Credit: Wikimedia Commons.

Credit: Wikimedia Commons.

A new study found a link between low-quality sleep and the tendency to procrastinate the following day. Researchers claim that this is due to a decreased ability to self-regulate one’s behavior.

Poor sleep, poor willpower

Everyone procrastinates to a degree, but some really can’t help it — and this can significantly impede them from reaching their goals. Previously, psychologists found that individuals with a low capacity for self-regulation are more likely to delay action towards meeting their goals and to engage in unwanted behaviors.

Self-regulation involves controlling one’s behavior, emotions, and thoughts in the pursuit of long-term goals. Self-regulation, or self-control, reflects a person’s maturity. An emotionally mature individual is better able to face emotional, social, and cognitive threats in the environment with patience and thoughtfulness.

Individuals who have low self-regulation are more prone to procrastination than those with high self-regulation. Now, in a new study published in the journal Frontiers in Psychology, Dutch researchers at the University of Amsterdam found that quality sleep mediates our ability to resist browsing social media or engaging in some other mindless activity in favor of more productive endeavors.

The research team recruited 71 healthy adults who worked in a wide range of fields, such as finance, education, and sales. Each participant self-reported their sleep quality and tendency to procrastinate at the workplace over a period of 10 workdays. To gauge their level of procrastination, participants had to rate how much they agreed with statements such as “Today, I promised myself I would something, and then dragged my feet.”¬†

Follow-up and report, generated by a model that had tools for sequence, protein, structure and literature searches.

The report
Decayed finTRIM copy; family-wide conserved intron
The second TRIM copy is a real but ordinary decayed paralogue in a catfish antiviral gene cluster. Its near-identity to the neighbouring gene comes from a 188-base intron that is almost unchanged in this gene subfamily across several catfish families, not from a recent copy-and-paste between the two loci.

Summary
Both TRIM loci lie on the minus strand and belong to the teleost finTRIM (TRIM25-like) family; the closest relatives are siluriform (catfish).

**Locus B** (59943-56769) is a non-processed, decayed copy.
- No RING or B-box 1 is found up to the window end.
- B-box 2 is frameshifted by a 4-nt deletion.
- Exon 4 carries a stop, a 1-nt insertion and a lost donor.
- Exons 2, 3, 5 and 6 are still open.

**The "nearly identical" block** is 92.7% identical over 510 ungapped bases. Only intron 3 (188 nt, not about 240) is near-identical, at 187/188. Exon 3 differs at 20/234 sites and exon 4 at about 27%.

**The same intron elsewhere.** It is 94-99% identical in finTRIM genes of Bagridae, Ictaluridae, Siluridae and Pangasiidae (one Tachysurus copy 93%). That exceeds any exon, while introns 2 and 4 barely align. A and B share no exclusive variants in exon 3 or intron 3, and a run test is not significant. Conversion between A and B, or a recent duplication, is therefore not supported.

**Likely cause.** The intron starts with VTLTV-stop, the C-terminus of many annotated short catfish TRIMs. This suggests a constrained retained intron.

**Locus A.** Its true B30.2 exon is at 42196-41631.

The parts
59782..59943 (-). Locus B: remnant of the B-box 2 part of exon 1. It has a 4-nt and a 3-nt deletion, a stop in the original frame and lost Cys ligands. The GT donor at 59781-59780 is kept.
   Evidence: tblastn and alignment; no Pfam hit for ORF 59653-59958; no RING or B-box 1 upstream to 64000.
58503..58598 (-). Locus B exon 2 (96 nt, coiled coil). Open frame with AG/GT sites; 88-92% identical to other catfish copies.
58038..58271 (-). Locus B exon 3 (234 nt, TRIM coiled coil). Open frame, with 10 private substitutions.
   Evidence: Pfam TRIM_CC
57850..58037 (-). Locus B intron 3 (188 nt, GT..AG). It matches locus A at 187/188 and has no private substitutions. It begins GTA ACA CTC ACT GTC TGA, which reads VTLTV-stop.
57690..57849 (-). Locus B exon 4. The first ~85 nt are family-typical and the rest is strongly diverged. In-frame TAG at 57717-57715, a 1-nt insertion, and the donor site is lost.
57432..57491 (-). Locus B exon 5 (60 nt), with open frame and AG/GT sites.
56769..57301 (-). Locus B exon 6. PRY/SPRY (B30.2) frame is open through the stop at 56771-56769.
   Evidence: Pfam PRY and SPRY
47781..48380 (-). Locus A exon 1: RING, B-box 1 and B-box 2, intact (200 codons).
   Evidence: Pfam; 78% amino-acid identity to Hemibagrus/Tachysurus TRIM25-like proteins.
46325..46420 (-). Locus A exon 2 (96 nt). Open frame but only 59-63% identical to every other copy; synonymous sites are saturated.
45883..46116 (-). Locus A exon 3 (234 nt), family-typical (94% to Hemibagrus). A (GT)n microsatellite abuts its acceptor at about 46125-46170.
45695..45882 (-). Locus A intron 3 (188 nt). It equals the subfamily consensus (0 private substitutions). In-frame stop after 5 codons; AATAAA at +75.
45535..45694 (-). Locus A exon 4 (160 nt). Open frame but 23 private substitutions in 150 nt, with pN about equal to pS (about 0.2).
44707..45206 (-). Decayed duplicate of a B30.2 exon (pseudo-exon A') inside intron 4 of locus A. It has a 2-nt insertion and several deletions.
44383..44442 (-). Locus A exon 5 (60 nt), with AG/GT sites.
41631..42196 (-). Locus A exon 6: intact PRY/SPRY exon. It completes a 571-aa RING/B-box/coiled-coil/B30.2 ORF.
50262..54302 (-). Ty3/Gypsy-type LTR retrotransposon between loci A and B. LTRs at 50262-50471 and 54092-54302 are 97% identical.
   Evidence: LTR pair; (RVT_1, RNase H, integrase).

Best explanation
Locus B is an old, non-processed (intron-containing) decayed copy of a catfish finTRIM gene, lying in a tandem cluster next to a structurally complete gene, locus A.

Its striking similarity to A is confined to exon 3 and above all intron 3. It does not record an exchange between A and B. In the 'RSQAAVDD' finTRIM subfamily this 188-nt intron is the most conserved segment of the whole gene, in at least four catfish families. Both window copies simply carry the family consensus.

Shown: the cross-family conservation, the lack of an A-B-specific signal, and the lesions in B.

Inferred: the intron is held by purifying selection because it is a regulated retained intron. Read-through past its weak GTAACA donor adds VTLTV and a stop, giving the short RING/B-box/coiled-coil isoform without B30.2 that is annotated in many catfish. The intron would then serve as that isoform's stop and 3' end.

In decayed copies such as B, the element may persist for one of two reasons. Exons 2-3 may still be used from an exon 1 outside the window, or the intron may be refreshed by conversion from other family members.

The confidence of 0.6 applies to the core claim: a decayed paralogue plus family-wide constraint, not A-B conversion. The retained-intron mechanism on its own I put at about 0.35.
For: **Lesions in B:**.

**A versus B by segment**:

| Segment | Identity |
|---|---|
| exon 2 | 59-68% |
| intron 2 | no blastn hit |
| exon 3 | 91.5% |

Low-quality sleep was associated with higher levels of procrastination in the following day. This effect was moderated by an individual’s self-regulation — that is, individuals with low self-control were even more affected by the quality of their sleep than those with high self-control.

The findings make sense because keeping yourself focused to meet goals is mentally taxing, occupying a lot of cognitive resources. Poor sleep simply doesn’t replenish our energy enough, so we become more prone to engage in unproductive activities.¬†Interestingly, even individuals with high self-control would become very vulnerable to procrastination following low-quality sleep.

Obviously, if you’re one of those people who would rather clean the living room than go about that checklist, quality of sleep ought to be the first thing you want to address. But here’s the thing: there’s also something called bedtime procrastination. According to researchers, it’s quite common for people to delay going to sleep by engaging in unhelpful activities such as checking e-mail or browsing social media “for just 5 minutes.” What ends up happening is people go to bed late, sleep poorly, which leads to even more procrastination the following day, in a self-repeating cycle.

If you find yourself procrastinating instead of going to bed, you might want to experiment with various solutions and tools. For instance, if you’re low on self-control, you can relinquish control to an external party like an app that blocks social media on your phone after a given time.

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